An odyssey of loss and salvation ranging across four generations of fathers and sons, in the finest tradition of American storytelling. The year is 1966 and a young man named Vollie Frade, almost on a whim, enlists in the United States Marine Corps to fight in Vietnam. Breaking definitively from his rural Iowan parents, Vollie puts in motion a chain of events that sees him go to work for people with intentions he cannot yet grasp. From the Cambodian jungle, to a flophouse in Queens, to a commune in New Mexico, Vollie's path traces a secret history of life on the margins of America, culminating with an inevitable and terrible reckoning. Scibona's story of a restless soldier pressed into service for a clandestine branch of the US government unfolds against the backdrop of the seismic shifts in global politics of the second half of the twentieth century. Epic in scope but intimate in feeling, this is a deeply immersive read from a rising star of American fiction.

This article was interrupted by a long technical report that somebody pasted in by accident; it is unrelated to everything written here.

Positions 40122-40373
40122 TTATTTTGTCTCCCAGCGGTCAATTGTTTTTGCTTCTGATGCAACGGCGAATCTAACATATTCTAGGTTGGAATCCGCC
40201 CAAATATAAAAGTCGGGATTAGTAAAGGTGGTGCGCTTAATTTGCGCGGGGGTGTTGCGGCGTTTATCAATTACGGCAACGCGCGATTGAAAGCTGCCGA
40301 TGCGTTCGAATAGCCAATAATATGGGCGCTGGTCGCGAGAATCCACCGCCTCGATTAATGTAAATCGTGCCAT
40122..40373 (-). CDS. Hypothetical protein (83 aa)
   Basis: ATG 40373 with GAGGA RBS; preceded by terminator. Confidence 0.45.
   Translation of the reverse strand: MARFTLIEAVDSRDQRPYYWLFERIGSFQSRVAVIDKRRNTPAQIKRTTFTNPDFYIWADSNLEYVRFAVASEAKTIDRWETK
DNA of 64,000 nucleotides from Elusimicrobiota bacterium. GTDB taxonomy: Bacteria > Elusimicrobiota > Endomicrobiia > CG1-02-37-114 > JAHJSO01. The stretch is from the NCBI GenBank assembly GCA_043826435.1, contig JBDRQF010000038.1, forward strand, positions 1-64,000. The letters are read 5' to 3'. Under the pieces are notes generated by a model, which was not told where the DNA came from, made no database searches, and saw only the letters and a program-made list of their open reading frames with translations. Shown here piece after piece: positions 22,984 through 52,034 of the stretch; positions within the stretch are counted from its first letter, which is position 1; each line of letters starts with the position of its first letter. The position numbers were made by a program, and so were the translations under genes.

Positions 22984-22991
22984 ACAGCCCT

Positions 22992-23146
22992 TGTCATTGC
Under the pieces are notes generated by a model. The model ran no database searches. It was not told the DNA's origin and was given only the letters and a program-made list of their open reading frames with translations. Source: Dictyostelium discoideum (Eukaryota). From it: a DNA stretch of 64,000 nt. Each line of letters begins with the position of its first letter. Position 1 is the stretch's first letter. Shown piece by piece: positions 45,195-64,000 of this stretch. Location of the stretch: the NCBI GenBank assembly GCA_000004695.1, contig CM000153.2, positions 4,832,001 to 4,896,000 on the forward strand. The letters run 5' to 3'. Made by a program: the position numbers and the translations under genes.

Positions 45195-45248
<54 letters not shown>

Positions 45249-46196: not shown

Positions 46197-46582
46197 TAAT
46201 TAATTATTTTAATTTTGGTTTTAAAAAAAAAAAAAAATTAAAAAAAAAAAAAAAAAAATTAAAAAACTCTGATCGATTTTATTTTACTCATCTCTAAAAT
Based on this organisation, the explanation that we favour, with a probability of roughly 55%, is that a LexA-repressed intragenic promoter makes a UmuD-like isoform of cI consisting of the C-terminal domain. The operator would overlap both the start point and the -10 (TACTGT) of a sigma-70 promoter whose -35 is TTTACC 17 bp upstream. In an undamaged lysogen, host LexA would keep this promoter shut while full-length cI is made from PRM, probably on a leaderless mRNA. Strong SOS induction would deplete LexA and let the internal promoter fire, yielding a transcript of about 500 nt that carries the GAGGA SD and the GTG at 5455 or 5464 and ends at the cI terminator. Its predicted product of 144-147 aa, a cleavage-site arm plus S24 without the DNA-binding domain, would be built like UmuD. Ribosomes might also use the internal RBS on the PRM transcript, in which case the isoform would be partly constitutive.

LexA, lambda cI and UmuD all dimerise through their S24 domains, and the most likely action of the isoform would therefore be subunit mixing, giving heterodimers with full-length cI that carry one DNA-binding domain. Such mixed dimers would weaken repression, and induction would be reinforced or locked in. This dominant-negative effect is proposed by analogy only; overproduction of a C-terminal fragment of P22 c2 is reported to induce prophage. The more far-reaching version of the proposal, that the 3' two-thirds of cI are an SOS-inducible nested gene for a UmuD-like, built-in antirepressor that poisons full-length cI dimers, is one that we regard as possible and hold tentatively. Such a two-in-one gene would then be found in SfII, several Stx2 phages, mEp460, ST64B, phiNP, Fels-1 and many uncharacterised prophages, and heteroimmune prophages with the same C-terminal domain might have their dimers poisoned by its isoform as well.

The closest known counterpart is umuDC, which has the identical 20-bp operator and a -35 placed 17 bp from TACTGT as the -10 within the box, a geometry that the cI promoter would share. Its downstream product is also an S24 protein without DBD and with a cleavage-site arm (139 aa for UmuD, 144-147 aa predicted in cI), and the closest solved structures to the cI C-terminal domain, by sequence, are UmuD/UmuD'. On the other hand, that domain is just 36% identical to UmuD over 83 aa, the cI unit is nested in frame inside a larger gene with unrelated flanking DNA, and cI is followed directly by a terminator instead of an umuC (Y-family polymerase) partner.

"Immersive, nuanced, impeccably researched" IAN RANKIN "Beautifully written and moving" ALLAN MASSIE "Poignant, nostalgic and redolent of the smell of France" SIMON BRETT Family history has always been a mystery to Will Latymer. His father flatly refused to talk about it, and with no other relatives to consult, it seems that a mystery it shall always remain. Until of course, Will meets Ghislaine, his beautiful French cousin, in a chance encounter that introduces him to his grandmother, Madeleine, shut away in a quiet Breton manor with her memories and secrets. Before long, Will has been plunged headlong into the life of Madeleine's great love, his longlost grandfather, Henry Latymer. Reading Henry's old letters and diaries for the first time, Will discovers an idealistic young man, full of hopes and optimism - an optimism that will gradually be crushed as the realities of life under the Vichy regime become glaringly clear. But the more Will delves into Madeleine and Henry's past, and into France's troubled history, the darker the secrets he discovers become, and the more he has cause to wonder if sometimes, the past should remain buried.